Germany Open Discussions to Legalize Medical Cannabis

In an historic moment for Europe’s most populous nation, the German government have opened up discussion regarding a bill that would see cannabis legalised for patients with specific medical conditions.

The bill, which focused on enabling patients a “full guarantee of access to medical cannabis” would come into effect in early 2017, if discussions were successful. The significance of these discussion is monumental. In Germany, once a draft bill enters parliament for debate, it must result in binding legalisation.

The German Health Minister Herman Gröhe, who has been campaigning for this bill to enter parliament for some time now, spoke to the press after the first round of discussions:

“Seriously ill people must be cared for in the best possible way — this is my commitment. We want the cost of medical cannabis to be covered by [patients’] health insurance when they can’t be helped otherwise. We also want to get scientific surveys underway to assess the medical benefits accurately.”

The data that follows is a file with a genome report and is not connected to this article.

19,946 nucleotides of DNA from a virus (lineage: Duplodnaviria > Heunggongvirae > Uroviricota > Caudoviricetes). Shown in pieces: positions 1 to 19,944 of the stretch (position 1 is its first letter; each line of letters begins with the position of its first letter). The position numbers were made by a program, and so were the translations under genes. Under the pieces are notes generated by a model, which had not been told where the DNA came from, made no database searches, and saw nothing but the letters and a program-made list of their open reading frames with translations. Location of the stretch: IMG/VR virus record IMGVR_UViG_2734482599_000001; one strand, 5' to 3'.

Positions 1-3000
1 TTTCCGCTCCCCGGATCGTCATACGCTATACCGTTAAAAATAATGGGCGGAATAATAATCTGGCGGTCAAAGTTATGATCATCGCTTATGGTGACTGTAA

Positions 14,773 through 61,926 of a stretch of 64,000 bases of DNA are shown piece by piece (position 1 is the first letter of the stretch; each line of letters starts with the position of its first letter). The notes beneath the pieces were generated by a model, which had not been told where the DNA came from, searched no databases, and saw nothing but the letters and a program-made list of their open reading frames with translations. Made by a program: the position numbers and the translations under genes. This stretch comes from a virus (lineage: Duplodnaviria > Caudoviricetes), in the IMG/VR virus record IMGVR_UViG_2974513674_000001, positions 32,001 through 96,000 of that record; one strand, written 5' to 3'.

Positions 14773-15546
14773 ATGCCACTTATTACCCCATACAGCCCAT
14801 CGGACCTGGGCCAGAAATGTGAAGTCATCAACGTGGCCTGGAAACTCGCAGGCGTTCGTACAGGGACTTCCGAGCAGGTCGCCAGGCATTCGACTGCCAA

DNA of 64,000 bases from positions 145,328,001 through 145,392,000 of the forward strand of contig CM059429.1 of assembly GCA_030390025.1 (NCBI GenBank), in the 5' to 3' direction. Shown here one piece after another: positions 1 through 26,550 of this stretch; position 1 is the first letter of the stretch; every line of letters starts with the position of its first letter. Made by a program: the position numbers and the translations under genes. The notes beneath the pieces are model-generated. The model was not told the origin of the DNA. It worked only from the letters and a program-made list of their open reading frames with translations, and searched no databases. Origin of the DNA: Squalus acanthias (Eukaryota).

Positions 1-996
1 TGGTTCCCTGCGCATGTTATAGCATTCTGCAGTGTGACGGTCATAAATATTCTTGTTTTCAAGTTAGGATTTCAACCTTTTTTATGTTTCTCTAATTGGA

However, while talks regarding the medical use of cannabis were positive, recreational cannabis will not be considered, after the government’s drug commissioner, Marlene Mortler, dismissed the idea wholeheartedly:

“The focus of the federal government’s drug policy are not Zeitgeist, prejudices or ideologies. To us, this is about human beings and their health! Public health is at the heart of our cannabis policy, and that is exactly why I say no to recreational use of cannabis.”

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